Learn "No-Code" App Building
(Be Your Own Programmer)
No-Code application development platforms have seen a major rise in popularity in the last decade, primarily because these platforms offer a great way for businesses and other organizations to develop apps that meet their needs without having to involve professional software developers. Due to the lack of programming knowledge needed, it’s not surprising that Gartner (a leading research and advisory firm) projects that by 2025, 65% of all app development will be done on No-Code platforms.
Numerous articles and books have explored the different no-code platforms and how you can use them to create your own apps, regardless of whether or not you have any programming background. However, until recently one thing you couldn't do on no-code systems is integrate AI (artificial intelligence) into your apps. That's no longer the case. A number of platforms (including Bubble, Zoho Creator and Caspio among others) have introduced the ability to include machine learning algorithms in their apps. That integration opens up a huge new area for no-code developers.
Machine learning apps are beginning to show up in our everyday life in a variety of forms, from Alexa and helpdesk chatbots to versions that can gauge customer acceptance of a new product or detect defective parts coming off the production line. But if you thought creating a machine learning app was only possible for data scientists, think again.
Some no-code app platforms offer built-in AI functions that allow you to use data you've collected to build machine learning features directly into your app. If your platform doesn't offer that ability you can still make use of AI models. There are a number of AI companies which let you create no-code machine learning models that you can connect to your no-code app. Whether you make use of machine learning features as a service supllied by your app platform or by integrating a third party machine learning model, you now have the ability to create no-code AI applications without being a data scientist. What kind of machine learning apps you build - predictive, classification, natural language processing, image recognition - is entirely up to you.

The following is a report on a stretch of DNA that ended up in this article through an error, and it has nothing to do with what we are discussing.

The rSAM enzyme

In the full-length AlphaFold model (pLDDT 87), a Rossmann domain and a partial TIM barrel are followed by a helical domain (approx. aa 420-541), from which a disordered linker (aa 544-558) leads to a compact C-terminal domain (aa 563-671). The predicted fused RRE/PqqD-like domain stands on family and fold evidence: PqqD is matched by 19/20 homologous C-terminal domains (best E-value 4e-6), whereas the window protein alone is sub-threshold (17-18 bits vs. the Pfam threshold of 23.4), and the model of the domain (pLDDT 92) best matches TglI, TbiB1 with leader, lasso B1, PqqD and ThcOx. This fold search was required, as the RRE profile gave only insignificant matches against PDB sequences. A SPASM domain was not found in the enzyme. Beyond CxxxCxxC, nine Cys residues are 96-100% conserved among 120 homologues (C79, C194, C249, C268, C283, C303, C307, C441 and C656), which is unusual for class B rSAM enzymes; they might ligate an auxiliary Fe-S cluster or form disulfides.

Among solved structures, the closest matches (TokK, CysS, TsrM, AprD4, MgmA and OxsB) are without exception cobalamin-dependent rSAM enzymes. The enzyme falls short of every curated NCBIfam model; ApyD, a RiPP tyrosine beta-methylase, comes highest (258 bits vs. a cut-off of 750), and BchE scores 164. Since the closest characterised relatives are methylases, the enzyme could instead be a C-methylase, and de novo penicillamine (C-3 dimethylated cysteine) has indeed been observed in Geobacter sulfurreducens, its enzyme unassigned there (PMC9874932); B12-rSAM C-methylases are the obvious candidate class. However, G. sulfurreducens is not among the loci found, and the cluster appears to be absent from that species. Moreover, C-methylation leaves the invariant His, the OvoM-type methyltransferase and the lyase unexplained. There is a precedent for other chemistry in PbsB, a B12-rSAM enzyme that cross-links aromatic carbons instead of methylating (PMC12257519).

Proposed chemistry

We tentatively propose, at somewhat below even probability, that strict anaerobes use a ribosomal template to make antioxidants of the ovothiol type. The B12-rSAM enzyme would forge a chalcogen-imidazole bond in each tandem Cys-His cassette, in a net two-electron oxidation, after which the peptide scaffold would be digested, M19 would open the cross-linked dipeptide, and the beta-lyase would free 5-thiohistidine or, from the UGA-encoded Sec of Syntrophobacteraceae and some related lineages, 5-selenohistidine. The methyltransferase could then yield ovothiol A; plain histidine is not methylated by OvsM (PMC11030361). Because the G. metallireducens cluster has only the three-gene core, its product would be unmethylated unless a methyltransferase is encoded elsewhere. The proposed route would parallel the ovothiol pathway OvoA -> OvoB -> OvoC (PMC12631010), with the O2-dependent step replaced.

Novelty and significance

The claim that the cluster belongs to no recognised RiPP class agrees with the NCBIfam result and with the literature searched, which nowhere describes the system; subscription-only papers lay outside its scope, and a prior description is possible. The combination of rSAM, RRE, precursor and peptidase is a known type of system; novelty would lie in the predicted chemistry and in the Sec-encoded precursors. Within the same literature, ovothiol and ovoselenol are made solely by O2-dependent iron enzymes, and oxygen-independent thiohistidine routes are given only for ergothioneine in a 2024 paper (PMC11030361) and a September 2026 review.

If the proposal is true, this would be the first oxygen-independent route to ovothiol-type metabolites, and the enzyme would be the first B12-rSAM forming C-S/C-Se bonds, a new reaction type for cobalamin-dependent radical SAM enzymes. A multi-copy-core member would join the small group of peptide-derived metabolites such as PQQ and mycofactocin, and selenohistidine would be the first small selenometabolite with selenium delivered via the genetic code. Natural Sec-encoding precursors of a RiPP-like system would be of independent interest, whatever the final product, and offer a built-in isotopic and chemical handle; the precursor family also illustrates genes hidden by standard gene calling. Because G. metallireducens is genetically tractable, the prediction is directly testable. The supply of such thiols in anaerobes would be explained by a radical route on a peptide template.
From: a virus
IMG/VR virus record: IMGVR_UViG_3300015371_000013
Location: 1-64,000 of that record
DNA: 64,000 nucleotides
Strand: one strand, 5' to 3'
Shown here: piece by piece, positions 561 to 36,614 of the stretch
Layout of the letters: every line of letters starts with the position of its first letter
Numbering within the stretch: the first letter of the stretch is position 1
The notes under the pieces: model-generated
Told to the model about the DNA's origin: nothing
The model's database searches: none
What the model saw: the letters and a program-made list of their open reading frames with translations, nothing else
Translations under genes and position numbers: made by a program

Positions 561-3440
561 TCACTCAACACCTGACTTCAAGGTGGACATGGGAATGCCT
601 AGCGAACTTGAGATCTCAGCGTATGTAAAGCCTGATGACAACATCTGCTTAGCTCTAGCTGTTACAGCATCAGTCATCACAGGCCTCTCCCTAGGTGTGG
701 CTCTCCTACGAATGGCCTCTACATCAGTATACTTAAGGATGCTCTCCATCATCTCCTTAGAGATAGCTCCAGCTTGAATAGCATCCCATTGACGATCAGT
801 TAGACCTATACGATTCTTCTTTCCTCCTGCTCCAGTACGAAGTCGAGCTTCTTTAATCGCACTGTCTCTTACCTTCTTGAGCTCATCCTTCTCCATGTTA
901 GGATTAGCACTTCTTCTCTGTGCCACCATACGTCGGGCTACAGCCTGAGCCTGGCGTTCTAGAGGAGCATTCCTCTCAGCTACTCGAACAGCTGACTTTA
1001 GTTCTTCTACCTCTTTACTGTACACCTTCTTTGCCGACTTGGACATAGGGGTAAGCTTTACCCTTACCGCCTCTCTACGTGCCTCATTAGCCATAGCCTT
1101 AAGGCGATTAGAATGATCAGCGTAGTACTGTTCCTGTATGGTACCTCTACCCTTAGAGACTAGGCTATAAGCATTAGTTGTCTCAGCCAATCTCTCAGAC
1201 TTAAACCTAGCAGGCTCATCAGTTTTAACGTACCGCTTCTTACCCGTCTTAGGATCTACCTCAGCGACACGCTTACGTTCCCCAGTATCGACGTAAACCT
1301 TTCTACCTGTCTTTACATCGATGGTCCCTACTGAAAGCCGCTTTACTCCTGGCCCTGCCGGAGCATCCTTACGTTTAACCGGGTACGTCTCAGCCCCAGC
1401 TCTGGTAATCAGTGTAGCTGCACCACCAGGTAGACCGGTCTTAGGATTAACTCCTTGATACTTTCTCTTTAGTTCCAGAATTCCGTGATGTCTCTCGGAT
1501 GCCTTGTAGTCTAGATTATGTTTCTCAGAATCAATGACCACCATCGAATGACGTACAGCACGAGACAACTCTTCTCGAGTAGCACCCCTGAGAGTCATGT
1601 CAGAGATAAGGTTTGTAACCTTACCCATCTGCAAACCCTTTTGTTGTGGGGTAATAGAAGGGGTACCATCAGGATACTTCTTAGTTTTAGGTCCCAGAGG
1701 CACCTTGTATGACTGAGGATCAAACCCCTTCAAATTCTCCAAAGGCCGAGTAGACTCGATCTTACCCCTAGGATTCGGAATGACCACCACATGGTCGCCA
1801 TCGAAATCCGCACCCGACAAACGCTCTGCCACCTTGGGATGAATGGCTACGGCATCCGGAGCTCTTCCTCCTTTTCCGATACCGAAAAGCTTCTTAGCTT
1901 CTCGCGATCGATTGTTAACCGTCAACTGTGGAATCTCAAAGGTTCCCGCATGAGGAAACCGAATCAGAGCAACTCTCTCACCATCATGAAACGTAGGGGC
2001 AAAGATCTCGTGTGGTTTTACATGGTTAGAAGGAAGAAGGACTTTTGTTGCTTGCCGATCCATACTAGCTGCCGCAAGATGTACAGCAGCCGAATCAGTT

A few years ago I published a book titled “Anatomy of a Google Sheets Project”. That book described my company's attempt to create a payroll data entry app using Google Sheets. We achieved our goal after a fashion, but we eventually decided to move the project to Airtable to get more of the functionality we needed. That led to a second book, “Anatomy of an Airtable Project.”
Since I left the company a few years ago I assumed that was the last time I would have anything to do with building that app. However, a couple of years ago no-code/low-code app development platforms caught my interest and I decided to try putting together the same payroll entry application on platforms like Zoho Creator, Bubble and Caspio. And now, since I'm hooked on the subject, here's yet another book covering some additional no-code platforms.
Why build a business project this way in the first place? After all, business applications normally require professionals to create and implement the design using advanced programming techniques. However, there are occasions like ours, when a company needs to create a quick, simple, and unsophisticated application to accomplish an immediate goal (and doesn't have the budget or the need to have a polished, professional product). That's where rapid low-code or no-code platforms come in.